Big Cities and Small Towns Bear Similar Risks
of Gun Death, says Penn Public Health Study
Suicide Risk by Firearms Greater in Rural Areas
(Philadelphia, PA) - Americans in small towns are statistically as likely
to die from gunfire as people in major cities, according to a new study
from the University of Pennsylvania School of Medicine
- with one key distinction. “The difference is who does the shooting,”
says lead author Charles C. Branas, PhD, Assistant Professor
of Epidemiology. Branas and colleagues found that when looking at all
deaths by firearms, the risk of being murdered with a gun in large cities
and the risk of committing suicide with a gun in rural areas were almost
identical. In fact, the risk of gun suicide in rural areas was slightly
higher than the risk of gun homicide in major cities.
After adjusting for income, education, employment rates, and other factors,
the most rural counties had over 1.5 times the rate of gun suicides compared
to the most urban counties. At the same time, urban areas experienced
almost twice the gun homicide rate of the most rural counties. Similar
trends were not found for other, non-gun forms of suicide or homicide.
The investigators analyzed urban-rural differences in intentional firearm
deaths-homicides and suicides-using over 580,000 death certificates from
1989 to 1999 in all counties in the United States. Their findings are
reported in the October issue of the American Journal of Public Health.
Over the last decade, gun suicides have outpaced gun homicides, accounting
for over half of all firearm deaths in the United States. Even with that
in mind Branas says that “gun suicide has become the forgotten side
of all of this, and to reduce gun death in general we have to start making
gun suicide a priority.”
In the 1990s, a great deal of legislation was aimed at reducing gun homicide,
which decreased in the United States by about 5 percent per year. Much
of this decrease was in big cities. But almost no attention has been paid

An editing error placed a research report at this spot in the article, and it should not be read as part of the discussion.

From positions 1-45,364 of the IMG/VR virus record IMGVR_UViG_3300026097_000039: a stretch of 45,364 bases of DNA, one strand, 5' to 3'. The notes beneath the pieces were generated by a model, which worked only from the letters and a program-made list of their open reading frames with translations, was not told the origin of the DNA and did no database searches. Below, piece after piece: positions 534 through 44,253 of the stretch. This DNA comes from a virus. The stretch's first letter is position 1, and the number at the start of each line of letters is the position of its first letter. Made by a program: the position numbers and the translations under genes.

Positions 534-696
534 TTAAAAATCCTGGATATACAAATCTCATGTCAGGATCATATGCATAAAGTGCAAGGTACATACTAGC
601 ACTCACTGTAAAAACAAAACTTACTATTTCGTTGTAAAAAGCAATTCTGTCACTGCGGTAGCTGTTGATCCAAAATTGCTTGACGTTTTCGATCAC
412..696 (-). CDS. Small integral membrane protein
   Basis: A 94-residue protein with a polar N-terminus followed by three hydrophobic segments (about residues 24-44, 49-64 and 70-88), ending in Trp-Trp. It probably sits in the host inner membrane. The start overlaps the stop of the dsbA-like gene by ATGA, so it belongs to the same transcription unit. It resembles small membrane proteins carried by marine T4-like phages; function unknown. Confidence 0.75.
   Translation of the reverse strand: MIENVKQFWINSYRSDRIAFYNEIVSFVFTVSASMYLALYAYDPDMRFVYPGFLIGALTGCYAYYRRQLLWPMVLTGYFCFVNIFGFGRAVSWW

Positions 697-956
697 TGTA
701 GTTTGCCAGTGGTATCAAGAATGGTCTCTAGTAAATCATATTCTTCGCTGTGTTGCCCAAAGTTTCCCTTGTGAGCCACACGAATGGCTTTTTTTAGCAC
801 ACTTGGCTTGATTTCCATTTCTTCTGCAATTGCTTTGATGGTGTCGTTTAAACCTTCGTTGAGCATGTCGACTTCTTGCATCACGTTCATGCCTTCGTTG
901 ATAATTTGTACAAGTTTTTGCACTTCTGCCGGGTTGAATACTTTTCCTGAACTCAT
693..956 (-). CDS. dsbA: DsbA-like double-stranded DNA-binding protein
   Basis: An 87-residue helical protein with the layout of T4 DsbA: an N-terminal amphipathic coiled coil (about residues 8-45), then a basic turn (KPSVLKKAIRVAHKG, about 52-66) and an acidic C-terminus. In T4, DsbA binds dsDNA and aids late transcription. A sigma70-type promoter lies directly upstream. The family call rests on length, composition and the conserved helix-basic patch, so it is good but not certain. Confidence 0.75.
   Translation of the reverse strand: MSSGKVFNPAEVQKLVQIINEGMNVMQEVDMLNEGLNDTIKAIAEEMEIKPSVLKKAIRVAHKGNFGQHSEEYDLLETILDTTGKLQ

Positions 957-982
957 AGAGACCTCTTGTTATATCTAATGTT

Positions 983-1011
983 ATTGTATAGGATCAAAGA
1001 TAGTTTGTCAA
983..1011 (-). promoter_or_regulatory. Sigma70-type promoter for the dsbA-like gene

to gun suicide, which increased by about 1 to 2 percent per year, most
starkly in rural areas, over the same period.
“Ultimately we need to bring gun suicides out of the closet and
raise public awareness about these tragic events,” says Branas.
“We have to think more broadly about preventing gun suicide, especially
in rural communities, through such efforts as better detection of mental-health
problems and reduced access to guns for people who are known to be at
risk for suicide.”
Gun death should be broadly thought of as a public health issue, adds
Branas, since it includes gun suicide, which often falls outside the bounds
of the criminal justice and medical-care systems. “Killing yourself
with a gun is not a crime and the results are so immediate that a hospital
is very often bypassed for the morgue,” he says.
The study also found that the same trend for gun death did not hold true
for urban- versus-rural differences in non-gun methods of suicide or homicide.
Thus, guns clearly functioned differently from other methods. But why
the urban-rural difference? “We didn’t directly account for
differences in availability of guns by location, but we can speculate
how that might have affected our results,” says Branas, referring
to the larger percentage of gun owners in rural areas versus cities. “A
major take-home message from these findings is that although prevention
efforts must be continued in big cities, dispelling the urban myth that
gun death does not touch areas outside of big cities should be a high
This work was funded by grants from the National Institute on Aging and
the Chicago-based Joyce Foundation. Other Penn researchers contributing
to the study are Drs. Michael L. Nance, Michael R. Elliott, Therese S.
Richmond, and C. William Schwab.
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